"I see a very clear picture of the UK's dependency on the EU to help protect its security interest," Europol's director Rob Wainwright said in The Hague.

He warned the UK "will no longer have the benefits that it currently has", direct access to databases, taking part in intelligence projects and other areas.

Duncan Smith had said that remaining in the EU made the UK more vulnerable to a Paris-style terrorism attack.

Brussels not in campaign mode

The European Commission said Monday it would not take part in the campaign to keep Britain in the EU.

“The commission will not campaign, will not take part in the campaign,” spokesman Margaritis Schinas told journalists.

“I don't see the commission having a role in a campaign that is for the British people and the British people alone,” he added.

The commission has not always been so firm. The EU executive strongly supported the ‘Yes’ vote in the lead up to a Greek referendum on the EU-IMF bailout terms in July last year.

“A 'No' would mean ... that Greece had said no to Europe,” EU commission chief Jean-Claude Juncker had said ahead of the vote.

Opinion

EU political pressure alone cannot save the rule of law

The situation in Poland shows that democracy, the rule of law and human rights do not speak for themselves. If the Union wants to safeguard its fundamental values, it must create support for them among Europeans.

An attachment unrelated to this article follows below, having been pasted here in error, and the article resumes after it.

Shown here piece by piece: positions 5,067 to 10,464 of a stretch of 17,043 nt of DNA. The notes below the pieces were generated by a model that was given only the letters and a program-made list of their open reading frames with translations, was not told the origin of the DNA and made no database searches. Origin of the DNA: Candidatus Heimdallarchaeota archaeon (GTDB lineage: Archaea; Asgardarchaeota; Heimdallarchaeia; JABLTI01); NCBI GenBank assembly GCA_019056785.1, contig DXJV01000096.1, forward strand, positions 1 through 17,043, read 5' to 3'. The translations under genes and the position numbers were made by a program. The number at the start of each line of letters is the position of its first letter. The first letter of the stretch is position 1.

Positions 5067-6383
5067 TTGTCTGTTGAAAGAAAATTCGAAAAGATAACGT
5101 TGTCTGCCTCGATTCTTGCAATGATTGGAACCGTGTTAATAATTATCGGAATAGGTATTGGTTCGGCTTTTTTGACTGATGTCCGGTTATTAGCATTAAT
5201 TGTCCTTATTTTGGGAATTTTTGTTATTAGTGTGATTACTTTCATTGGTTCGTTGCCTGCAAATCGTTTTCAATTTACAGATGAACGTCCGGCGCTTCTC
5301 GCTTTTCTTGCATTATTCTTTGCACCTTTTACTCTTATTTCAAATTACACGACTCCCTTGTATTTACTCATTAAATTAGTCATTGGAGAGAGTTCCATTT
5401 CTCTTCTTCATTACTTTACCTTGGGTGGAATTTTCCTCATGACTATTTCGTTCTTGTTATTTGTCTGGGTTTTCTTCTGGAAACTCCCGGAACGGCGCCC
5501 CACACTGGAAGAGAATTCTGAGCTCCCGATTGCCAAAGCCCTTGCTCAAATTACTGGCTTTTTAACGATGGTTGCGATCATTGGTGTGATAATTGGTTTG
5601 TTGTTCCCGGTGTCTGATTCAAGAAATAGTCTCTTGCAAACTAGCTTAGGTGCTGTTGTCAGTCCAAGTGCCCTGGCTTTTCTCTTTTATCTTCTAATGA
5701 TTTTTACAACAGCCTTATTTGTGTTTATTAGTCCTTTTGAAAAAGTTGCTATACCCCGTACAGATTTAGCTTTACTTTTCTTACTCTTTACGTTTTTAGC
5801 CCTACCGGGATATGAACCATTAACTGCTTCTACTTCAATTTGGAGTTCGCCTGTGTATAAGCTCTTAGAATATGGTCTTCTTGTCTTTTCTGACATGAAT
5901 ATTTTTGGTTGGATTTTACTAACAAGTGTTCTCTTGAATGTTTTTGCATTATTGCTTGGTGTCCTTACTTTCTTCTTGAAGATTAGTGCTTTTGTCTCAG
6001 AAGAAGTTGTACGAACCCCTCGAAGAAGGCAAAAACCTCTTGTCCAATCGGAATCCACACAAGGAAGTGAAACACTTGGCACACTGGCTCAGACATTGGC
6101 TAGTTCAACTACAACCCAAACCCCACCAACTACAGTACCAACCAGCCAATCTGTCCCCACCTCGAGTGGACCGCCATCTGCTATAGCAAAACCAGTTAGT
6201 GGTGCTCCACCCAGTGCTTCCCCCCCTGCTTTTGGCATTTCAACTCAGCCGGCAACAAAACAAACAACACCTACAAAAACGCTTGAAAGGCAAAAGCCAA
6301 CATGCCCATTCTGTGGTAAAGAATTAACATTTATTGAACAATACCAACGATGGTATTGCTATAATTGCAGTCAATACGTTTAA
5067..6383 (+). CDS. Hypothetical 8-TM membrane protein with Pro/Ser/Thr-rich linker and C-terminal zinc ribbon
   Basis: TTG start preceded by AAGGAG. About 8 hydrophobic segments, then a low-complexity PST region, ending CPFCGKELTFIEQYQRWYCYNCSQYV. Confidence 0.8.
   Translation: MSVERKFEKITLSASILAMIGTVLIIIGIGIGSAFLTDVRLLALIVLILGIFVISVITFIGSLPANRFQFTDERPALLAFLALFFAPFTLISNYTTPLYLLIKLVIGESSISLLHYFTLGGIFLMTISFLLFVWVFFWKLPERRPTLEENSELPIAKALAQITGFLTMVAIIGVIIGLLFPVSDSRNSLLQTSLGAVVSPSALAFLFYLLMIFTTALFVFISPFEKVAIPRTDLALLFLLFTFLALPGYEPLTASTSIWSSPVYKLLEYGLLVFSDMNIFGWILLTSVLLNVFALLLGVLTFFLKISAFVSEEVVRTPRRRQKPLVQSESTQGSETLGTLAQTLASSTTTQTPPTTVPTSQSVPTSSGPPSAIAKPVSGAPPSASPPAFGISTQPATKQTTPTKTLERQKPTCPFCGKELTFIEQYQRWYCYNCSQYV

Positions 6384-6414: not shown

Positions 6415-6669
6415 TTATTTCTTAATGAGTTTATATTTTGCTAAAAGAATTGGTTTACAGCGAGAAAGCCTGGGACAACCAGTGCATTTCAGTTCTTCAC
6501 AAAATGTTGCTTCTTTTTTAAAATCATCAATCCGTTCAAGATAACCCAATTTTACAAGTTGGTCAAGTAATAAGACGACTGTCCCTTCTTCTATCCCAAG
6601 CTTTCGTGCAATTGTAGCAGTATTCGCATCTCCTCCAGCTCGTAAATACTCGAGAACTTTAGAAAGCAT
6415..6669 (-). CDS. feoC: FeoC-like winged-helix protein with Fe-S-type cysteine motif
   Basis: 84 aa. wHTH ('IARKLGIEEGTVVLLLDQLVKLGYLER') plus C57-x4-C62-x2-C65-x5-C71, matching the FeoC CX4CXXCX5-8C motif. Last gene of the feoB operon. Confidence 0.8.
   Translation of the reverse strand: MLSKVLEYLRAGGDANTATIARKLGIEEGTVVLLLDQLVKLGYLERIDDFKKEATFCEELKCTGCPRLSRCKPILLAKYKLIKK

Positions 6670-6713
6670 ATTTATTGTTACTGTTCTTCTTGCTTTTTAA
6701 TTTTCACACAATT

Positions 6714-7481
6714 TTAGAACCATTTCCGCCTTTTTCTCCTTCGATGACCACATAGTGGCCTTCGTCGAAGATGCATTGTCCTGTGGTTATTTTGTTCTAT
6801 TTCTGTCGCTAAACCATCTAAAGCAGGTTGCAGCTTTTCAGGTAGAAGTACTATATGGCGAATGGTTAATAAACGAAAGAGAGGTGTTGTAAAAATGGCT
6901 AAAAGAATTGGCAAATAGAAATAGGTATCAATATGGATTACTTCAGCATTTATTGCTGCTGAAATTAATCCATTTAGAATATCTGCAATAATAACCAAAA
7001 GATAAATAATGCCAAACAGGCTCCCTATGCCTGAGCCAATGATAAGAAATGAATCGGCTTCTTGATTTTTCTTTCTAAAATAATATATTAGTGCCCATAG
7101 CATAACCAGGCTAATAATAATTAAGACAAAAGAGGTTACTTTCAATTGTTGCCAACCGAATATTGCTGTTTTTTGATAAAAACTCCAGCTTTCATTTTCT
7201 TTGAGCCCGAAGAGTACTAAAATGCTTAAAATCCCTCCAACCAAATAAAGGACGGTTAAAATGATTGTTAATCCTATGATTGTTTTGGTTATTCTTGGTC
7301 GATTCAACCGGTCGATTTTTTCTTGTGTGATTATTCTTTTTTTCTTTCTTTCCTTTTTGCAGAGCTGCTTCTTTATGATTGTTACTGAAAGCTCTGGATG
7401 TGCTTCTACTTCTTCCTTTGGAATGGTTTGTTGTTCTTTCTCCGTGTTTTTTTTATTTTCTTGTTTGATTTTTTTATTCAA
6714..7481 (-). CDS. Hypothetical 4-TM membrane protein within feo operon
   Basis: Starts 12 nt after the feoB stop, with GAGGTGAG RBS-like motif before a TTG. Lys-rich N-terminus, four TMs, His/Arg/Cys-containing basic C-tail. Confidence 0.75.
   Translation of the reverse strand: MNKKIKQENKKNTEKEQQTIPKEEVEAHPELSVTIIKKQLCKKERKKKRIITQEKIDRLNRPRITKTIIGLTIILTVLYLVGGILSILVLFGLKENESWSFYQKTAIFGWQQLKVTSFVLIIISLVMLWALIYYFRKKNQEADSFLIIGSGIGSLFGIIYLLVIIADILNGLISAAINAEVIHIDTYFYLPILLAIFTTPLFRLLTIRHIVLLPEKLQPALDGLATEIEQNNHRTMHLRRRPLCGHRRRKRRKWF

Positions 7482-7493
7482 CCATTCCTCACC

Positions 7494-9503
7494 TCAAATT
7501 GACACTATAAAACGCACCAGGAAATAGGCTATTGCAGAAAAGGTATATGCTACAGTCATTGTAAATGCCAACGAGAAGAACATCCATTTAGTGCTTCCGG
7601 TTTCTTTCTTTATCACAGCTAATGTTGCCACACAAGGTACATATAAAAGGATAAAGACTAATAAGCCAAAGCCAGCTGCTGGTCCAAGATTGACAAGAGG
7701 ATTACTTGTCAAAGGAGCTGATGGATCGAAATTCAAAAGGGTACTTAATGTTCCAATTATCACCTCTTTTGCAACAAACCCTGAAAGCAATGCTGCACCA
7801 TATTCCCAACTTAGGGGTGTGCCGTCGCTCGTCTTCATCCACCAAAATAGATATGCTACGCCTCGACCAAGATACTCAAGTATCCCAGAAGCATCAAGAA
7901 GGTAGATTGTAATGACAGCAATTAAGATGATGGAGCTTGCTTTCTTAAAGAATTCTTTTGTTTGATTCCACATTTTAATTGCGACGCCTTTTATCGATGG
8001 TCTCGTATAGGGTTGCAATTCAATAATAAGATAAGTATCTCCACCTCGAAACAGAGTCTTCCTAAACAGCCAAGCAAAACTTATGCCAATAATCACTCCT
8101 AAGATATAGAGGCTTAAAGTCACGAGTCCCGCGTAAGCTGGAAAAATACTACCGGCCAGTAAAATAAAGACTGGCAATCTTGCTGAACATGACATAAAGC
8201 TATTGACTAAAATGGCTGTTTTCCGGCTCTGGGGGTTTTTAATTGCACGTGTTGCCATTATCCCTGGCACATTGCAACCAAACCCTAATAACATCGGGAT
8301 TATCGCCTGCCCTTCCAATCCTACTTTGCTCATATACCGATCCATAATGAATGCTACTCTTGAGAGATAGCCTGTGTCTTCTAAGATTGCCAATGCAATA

Merkel faces backlash after killings

The German chancellor faces mounting criticism at home for her refugee policy after asylum seekers carried out several attacks over the last week.

Stakeholders' Highlights

  1. Counter BalanceThe Trans Adriatic Pipeline: An Opportunity or a Scam in the Making for Albania?
  2. Dialogue PlatformFethullah Gulen: I Condemn All Threats to Turkey's Democracy
  3. GoogleHelping Emergency Services Find You When You Need It Most
  4. Counter BalanceWhat's New in the Investment Plan for Europe: Business as Usual or True Innovation ?
  5. Belgrade Security ForumMigration, Security and Solidarity within Global Disorder: Academic Event 2016
  6. GoogleHow Google Fights Piracy: Creating Value While Fighting Piracy
  7. EJC"My Visit to Israel" - Opinion by MEP Lopez Aguilar, Chair of the EP Working Group on Antisemitism
  8. World VisionChildren Migrating, Out of School and at Work as Hunger Deepens in Southern Africa
  9. European Healthy Lifestyle AllianceStand-Up (and Exercise) to Prevent Chronic Diseases
  10. Centre Maurits CoppietersLaunches a Real-time News Hub Specialised in EU Stakeholders
  11. GoogleEU-US Privacy Shield: Restoring Faith in Data Flows and Transatlantic Relations
  12. World VisionWorld Leaders & Youth Advocates Launch Partnership to End Violence Vs. Children

Latest News

  1. EU encouraged car industry to cheat, French report says
  2. Terrorism and migration top EU public's concern
  3. Spain's Rajoy warns of minority rule
  4. Car lobby complained about emissions tampering by others
  5. Critical IMF report heralds new Greek bailout battle
  6. EU free movement must be curbed, UK says
  7. EU political pressure alone cannot save the rule of law
  8. Merkel: Attacks won't change refugee policy